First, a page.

New York City Now Fastest-Growing Tech Hub [INFOGRAPHIC]

eBay to Open Large Tech Office in NYC

Why Has New York Become a Paradise for Tech Startups?

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It's hard to say. In NYC you will be competing with Wall Street for developers. Can you?

Sure, NYC is a great location, but the cost of living is enormous, possibly the highest in the continental US. Connecticut is expensive too, but rentals are not nearly as high as Manhattan. I don't know what developers are getting in NYC. In Dallas talented developers with ten years experience are getting $125K+. It would take $250K in Manhattan to take home the same money after taxes and rent.

And why only NYC, and not Seattle, San Francisco, Boston, Austin?

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If your senior management is balking at the rent in NYC it's very unlikely they're willing to be competitive enough on salary to hire in NYC.

If you feel like talent pool is an issue, depending on company size you should reconsider your technology choices before relocating. Mainstream languages relative to your area's demographics are going to broaden the talent pool more than being in NYC.

Having to choose between CT and NYC in isolation makes NYC arguably a winner, but in terms of business value there are many other locations that offer better 'talent pool' to 'dollars' ratios. Much of CA compares very favorably to NYC, and sticking to the east coast you've got both Atlanta and Raleigh as pretty attractive locations. I'm biased towards Texas for its proximity to both coasts.

Ultimately it depends on what kind of software you're creating and what sort of development workflow you're building. It's becoming pretty common to build a small team 'locally' and contract out to the Phillipines or India or South America for the bulk of development, but the success of each of these strategies depends entirely on what sort of software is being built and what existing skillsets reside within the business already.

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Convince them with the facts, but that means doing your ground work...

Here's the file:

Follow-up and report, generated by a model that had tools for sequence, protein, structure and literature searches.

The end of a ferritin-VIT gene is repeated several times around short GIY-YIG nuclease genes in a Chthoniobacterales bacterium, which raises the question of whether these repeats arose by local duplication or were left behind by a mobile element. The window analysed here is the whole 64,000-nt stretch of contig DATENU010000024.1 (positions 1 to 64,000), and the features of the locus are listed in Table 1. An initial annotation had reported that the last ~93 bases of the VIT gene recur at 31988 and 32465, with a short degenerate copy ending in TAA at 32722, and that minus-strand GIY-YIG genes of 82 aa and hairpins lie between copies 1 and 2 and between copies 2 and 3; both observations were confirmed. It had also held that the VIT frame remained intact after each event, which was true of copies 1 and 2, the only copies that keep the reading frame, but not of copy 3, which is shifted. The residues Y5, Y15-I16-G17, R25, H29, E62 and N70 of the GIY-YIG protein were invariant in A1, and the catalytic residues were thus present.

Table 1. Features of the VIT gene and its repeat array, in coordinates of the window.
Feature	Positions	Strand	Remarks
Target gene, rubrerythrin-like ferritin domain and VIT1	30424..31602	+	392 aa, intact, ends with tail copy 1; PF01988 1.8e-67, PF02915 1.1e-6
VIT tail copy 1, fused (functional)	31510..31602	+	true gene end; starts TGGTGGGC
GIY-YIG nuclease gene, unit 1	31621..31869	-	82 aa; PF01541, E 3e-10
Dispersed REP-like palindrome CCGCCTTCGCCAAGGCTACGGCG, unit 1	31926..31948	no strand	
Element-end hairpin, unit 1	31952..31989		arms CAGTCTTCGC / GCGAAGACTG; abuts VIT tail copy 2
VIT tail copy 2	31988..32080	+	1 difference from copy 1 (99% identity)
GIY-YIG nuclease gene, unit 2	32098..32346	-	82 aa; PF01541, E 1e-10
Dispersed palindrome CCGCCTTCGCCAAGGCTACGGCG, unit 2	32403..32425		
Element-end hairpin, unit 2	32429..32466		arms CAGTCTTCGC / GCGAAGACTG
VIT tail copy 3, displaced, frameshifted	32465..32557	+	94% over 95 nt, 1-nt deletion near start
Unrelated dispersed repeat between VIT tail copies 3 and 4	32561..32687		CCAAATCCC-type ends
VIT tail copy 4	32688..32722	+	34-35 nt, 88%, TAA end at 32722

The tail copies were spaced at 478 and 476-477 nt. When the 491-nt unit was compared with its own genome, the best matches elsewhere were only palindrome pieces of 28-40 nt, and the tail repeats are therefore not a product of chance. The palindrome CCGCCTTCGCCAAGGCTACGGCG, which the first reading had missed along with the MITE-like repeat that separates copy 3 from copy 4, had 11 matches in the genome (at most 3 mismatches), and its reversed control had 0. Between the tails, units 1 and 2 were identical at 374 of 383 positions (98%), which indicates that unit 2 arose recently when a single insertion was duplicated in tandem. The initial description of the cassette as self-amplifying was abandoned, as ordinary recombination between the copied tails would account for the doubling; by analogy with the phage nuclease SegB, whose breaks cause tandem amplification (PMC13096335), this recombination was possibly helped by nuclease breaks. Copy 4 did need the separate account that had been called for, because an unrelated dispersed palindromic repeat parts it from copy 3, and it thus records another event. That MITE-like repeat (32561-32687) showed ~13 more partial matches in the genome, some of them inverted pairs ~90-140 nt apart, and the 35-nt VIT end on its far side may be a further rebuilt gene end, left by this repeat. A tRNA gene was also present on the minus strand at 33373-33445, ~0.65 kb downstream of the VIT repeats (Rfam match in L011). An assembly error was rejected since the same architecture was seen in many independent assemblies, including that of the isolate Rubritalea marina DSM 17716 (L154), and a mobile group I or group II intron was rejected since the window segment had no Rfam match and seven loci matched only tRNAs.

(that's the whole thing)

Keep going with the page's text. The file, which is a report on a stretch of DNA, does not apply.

Advertise in both locations. Hook up with recruiters in both areas. Place ads or ask for recruiters to give you a list of candidates (or at least numbers) for each area. Evaluate what you get, recording totals at things like various levels of experience, etc.
Try and get some salary info in there too as that is a big factor.
If you really want to show you've done your research you're also going to need to look into the cost of office space in the two locations. You'll already know "your own", so that's half the battle done (unless moving locally for lower costs is also an option of course).

You are seen as the techy guy so some numbers and also analysis will help you make your case. You'll finally present the numbers and analysis and they will speak for themselves and you won't need to convince anyone. Or... you won't convince them due to factors like cost, and you'll need to think what you want to do next and where...

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Expanding or moving to NYC is a business decision. So, net profit (after tax) is the key.

Suppose your company is making revenue 10 m/yr and profit is 1 m.

If it can make 20 m/yr revenue three years after moving to NYC with profit still 1 m or little more, then why bother?

However, if the revenue will be more than triple, say 35 m after moving and the projected profit 2 years from now is 4 m, then of course, let's move to NYC!

I don't know enough about your company and what kind of software you are developping. If your customers (or potential customers) are in NYC, you have another good reason to move - close to the customers.

  • Note that I used the phrase "move to NYC" instead of "expand in NYC" in my answer because they are equivalent. Remote control is not a good business practice. – scaaahu Jun 2 '12 at 11:50
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For

Bigger talent pool big cities with good transport links have a much bigger talent pool than the suburbs – you do not have to live in Manhattan to work in NYC.

Average talent level is higher - unless your very close to an elite University.

Big clients want to you to have a presence close to them (this is vital if you are a professional services business).

The Buzz your employees get from working in a big vibrant city both in terms of socialising and cultural life.

Against

Cost of office space is probably the main one.